Bridging this performance gap in American education is a challenge organizations will have to face head on in the coming years or risk losing their competitive edge. The gap is one that must be addressed at all levels of business, but particularly at the leadership level, because without the Four C’s, the pipeline is in jeopardy.
The survey found employers have begun assessing workers in the four critical skills with regard to leadership development/potential, talent management and succession planning. But even below management level, those employees who don’t develop the Four C’s will find themselves left behind, as will companies that don’t make attaining them a priority.
According to the AMA survey, top executives believe it is time for the educational system to fuse the Four C’s with the Three R’s to develop students who are better prepared to enter the workforce. But while that solution might address the workforce of tomorrow, it does not retool today’s workforce.
Does business have the time and expertise to tackle what the educational system is failing to deliver? The obvious answer, despite the efforts of learning and development departments, is no. Organizations are responsible primarily for performing their core functions. They have neither the time nor the expertise to address every educational need.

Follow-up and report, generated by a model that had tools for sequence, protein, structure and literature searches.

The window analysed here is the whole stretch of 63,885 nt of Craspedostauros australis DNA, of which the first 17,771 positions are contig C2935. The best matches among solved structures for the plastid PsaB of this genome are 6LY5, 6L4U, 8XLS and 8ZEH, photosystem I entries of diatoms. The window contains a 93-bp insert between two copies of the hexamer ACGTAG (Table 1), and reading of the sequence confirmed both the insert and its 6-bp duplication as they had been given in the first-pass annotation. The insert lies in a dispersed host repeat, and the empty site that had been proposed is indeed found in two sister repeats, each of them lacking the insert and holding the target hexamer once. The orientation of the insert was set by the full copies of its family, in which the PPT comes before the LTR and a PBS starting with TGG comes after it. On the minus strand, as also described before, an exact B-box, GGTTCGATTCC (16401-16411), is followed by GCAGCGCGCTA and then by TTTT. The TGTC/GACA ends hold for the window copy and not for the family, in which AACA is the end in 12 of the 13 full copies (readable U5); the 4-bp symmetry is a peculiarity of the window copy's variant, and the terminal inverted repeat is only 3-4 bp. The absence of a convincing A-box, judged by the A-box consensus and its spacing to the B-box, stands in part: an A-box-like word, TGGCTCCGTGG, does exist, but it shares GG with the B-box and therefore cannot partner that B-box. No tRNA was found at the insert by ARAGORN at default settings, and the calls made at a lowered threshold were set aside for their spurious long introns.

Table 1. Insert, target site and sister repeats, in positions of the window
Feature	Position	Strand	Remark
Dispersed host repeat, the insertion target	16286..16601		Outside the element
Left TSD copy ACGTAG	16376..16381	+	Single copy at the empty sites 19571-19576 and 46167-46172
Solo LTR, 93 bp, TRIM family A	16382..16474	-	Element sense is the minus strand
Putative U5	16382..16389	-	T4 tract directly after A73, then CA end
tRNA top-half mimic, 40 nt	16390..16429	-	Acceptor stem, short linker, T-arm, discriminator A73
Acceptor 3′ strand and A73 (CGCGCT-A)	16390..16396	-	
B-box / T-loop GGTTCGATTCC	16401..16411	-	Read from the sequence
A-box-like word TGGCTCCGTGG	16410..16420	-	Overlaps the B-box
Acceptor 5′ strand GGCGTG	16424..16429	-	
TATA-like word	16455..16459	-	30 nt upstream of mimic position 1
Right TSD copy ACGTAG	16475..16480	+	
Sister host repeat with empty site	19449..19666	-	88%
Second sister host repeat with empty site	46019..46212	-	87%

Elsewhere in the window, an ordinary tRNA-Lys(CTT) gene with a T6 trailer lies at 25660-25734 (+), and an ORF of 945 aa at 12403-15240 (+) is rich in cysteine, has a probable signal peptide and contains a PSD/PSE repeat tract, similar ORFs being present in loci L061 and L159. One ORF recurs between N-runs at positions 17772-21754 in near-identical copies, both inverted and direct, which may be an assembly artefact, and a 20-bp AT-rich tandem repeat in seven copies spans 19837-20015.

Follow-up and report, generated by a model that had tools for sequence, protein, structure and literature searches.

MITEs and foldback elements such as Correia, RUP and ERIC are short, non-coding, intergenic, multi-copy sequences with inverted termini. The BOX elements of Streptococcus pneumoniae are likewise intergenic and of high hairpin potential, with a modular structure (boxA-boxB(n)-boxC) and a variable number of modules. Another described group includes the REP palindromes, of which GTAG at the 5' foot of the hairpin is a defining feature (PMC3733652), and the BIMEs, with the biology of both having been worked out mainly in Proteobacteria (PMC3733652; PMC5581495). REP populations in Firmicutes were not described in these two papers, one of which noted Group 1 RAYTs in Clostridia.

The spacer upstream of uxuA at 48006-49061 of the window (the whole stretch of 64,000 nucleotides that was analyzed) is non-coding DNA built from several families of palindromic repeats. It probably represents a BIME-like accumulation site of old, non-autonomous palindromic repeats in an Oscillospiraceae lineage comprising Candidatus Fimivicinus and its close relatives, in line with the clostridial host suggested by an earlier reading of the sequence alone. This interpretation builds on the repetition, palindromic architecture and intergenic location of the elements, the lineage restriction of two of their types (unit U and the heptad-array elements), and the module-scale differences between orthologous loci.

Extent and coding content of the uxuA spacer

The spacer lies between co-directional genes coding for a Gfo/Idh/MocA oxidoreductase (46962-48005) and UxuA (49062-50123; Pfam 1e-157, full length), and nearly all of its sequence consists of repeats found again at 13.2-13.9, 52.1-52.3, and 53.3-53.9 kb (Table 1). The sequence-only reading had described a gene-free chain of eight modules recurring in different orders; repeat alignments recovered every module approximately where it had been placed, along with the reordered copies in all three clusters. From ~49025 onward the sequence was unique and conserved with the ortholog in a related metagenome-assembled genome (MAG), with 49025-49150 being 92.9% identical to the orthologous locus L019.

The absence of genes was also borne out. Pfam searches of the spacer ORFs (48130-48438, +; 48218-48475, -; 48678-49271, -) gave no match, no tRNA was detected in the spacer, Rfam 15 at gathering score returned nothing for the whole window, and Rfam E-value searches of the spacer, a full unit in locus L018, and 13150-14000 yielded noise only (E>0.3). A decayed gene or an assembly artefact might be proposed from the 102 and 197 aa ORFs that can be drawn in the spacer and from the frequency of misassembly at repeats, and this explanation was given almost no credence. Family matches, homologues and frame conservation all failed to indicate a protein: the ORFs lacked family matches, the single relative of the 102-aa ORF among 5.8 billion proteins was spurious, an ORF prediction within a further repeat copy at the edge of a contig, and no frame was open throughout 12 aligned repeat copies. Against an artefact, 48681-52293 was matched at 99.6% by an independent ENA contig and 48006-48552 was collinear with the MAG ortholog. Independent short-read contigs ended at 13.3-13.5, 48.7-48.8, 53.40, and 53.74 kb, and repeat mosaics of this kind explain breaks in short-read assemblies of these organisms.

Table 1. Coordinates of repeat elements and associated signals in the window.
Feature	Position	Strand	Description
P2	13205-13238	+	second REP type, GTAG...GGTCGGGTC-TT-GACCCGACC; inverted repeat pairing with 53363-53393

“In the training industry, outsourcing is absolutely necessary to be successful,” said Josh Bersin, CEO and president of research firm Bersin & Associates. To bridge the education gap, business will have to team up with independent development organizations to develop a learning culture, which includes wholesale instruction in and development of the Four C’s.
According to Bersin, a culture of learning “is the collective set of practices and management behaviors that allows the company or the organization to adapt and learn.” Failure to develop such a culture can lead to disastrous results, which Bersin illustrated using Nokia, which until the advent of the BlackBerry, iPhone and Android operating system, was the 800-pound gorilla of the cellular phone industry, with nearly a 40 percent share of the market. Now, Nokia is in danger of becoming an also-ran — its share has dipped to roughly 31 percent during the past two years — and may soon be a footnote in the history of one of the greatest technological shifts of our time, according to a Jan. 27, 2011, article on Engadget.com.
“Nokia had a touch-screen cellphone three to four years before Apple. But it didn’t get out of development, and the reason it didn’t get out of development was because Nokia’s culture did not support the development of new ideas and the continuous learning that [would encourage its] engineers to learn about the new kind of cellphones,” Bersin said. Basically, they were so invested in the old user interfaces they didn’t notice the earth shifting under their feet.